Here is a brief list of functional exercises for you to try. As with any new workout, start with light weights, build up gradually, and use the perfect technique to minimize your risk of injury.


Using your arms and legs simultaneously is the epitome of functional training and is also an effective way to get a lot of exercises done in a short amount of time. With a dumbbell in each hand, stand with your feet together and your dumbbells racked at shoulder-height. Lunge forward with your left leg and press your right arm up and overhead. Lower the weight back to your shoulder and stand up. Repeat using the opposite leg and arm. Continue alternating sides for the duration of your set.


Squats are arguably the most functional exercise you can perform as it’s nigh on impossible to get through a day without doing at least a few squats. Adding an overhead press and a twist makes this exercise considerably more demanding.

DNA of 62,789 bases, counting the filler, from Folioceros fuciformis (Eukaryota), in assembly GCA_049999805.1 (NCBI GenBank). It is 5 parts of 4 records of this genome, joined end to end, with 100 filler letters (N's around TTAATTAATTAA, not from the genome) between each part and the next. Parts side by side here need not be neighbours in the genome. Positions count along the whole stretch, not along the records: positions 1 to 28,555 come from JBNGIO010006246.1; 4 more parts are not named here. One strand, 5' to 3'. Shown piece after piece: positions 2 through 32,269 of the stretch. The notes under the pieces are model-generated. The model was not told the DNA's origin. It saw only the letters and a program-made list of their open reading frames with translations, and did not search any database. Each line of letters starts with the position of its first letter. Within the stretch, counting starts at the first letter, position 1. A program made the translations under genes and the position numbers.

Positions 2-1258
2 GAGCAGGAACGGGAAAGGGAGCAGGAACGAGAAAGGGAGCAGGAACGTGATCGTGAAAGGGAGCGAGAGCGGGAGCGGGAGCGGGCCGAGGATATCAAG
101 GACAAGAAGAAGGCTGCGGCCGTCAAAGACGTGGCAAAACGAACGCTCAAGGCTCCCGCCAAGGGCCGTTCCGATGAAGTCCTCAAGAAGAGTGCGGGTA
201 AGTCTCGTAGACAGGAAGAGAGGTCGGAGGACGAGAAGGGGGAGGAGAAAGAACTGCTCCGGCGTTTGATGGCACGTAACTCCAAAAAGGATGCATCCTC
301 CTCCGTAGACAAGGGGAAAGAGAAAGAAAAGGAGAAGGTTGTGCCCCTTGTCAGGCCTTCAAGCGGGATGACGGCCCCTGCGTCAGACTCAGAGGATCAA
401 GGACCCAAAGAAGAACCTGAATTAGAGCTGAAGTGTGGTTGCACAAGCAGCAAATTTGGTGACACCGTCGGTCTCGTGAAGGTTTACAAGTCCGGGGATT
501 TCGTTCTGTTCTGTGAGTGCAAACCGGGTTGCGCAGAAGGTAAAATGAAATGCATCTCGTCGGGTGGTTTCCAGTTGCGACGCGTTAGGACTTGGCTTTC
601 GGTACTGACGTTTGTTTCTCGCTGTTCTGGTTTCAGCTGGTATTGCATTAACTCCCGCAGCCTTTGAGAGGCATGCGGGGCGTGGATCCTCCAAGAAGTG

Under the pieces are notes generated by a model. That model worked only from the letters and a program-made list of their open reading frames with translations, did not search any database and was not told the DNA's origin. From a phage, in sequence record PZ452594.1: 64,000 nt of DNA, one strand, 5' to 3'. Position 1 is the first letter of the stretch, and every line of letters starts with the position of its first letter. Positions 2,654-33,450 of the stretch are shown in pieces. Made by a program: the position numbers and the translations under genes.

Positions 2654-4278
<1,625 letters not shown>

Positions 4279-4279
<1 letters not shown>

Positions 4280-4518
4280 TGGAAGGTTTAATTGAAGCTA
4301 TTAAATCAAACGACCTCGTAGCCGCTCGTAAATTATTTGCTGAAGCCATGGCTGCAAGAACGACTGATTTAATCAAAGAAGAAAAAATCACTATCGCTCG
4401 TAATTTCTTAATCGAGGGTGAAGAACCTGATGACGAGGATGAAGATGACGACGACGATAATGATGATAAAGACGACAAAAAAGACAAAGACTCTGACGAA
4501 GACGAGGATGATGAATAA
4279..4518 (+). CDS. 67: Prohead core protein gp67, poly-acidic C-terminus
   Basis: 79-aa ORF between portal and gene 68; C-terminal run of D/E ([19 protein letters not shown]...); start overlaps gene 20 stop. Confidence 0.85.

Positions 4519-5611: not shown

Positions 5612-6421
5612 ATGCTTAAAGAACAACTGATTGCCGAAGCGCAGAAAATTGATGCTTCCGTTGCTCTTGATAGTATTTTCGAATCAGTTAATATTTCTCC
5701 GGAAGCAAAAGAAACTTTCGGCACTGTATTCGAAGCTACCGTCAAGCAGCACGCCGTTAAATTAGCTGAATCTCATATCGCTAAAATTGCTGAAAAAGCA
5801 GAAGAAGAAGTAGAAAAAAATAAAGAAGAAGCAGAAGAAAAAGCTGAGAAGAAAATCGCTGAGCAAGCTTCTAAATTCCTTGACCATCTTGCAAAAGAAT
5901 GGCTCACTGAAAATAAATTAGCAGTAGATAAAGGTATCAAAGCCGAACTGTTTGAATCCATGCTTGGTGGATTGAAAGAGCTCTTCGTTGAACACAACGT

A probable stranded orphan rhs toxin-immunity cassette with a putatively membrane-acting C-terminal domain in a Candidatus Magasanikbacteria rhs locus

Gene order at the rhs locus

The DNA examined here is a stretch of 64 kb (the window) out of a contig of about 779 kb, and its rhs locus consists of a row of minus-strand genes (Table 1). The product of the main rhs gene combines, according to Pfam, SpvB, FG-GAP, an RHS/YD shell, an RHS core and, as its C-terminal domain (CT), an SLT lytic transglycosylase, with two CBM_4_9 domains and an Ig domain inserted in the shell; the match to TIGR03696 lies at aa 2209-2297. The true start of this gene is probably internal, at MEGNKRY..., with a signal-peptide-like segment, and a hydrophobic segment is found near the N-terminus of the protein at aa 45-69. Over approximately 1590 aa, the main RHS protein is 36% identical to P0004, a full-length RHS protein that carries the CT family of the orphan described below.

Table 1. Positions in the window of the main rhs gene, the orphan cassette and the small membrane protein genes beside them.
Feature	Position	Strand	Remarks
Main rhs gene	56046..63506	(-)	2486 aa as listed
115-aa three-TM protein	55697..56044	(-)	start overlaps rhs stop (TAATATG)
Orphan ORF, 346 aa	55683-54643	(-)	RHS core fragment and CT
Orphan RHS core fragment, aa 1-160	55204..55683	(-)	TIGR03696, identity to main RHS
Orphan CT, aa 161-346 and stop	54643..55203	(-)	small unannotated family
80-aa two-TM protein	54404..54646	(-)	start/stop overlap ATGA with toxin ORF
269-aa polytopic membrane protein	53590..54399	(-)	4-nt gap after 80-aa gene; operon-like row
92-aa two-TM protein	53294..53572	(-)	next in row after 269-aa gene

Stand with your feet shoulder-width apart and your dumbbells racked on your shoulders. Push your hips back and squat down until your knees are bent to roughly 90 degrees. Stand back up and pivot to your right by lifting your left heel and turning on the ball of your foot. Simultaneously push your left arm up and overhead. Lower the weight and square your shoulders and hips. Do another repetition to the opposite side.


Planks are an awesome core stability exercise but adding some upper bodywork at the same time adds a nice functional twist. Facing a low pulley station, get into the plank position resting on your elbows. Reach out and grab the low pulley handle with one arm. Maintaining the plank position, pull the handle into your shoulder. Extend your arm and repeat. On completion, rest a moment and then perform another set but using the opposite arm.

Functional training is a useful and beneficial way to train, and many functional exercises help redress the imbalances caused by performing purely sagittal plane exercises. Is it the best way to work out? Probably not. No single form of exercise is perfect, but as an additional weapon in your workout arsenal, functional training offers enough benefits to warrant inclusion.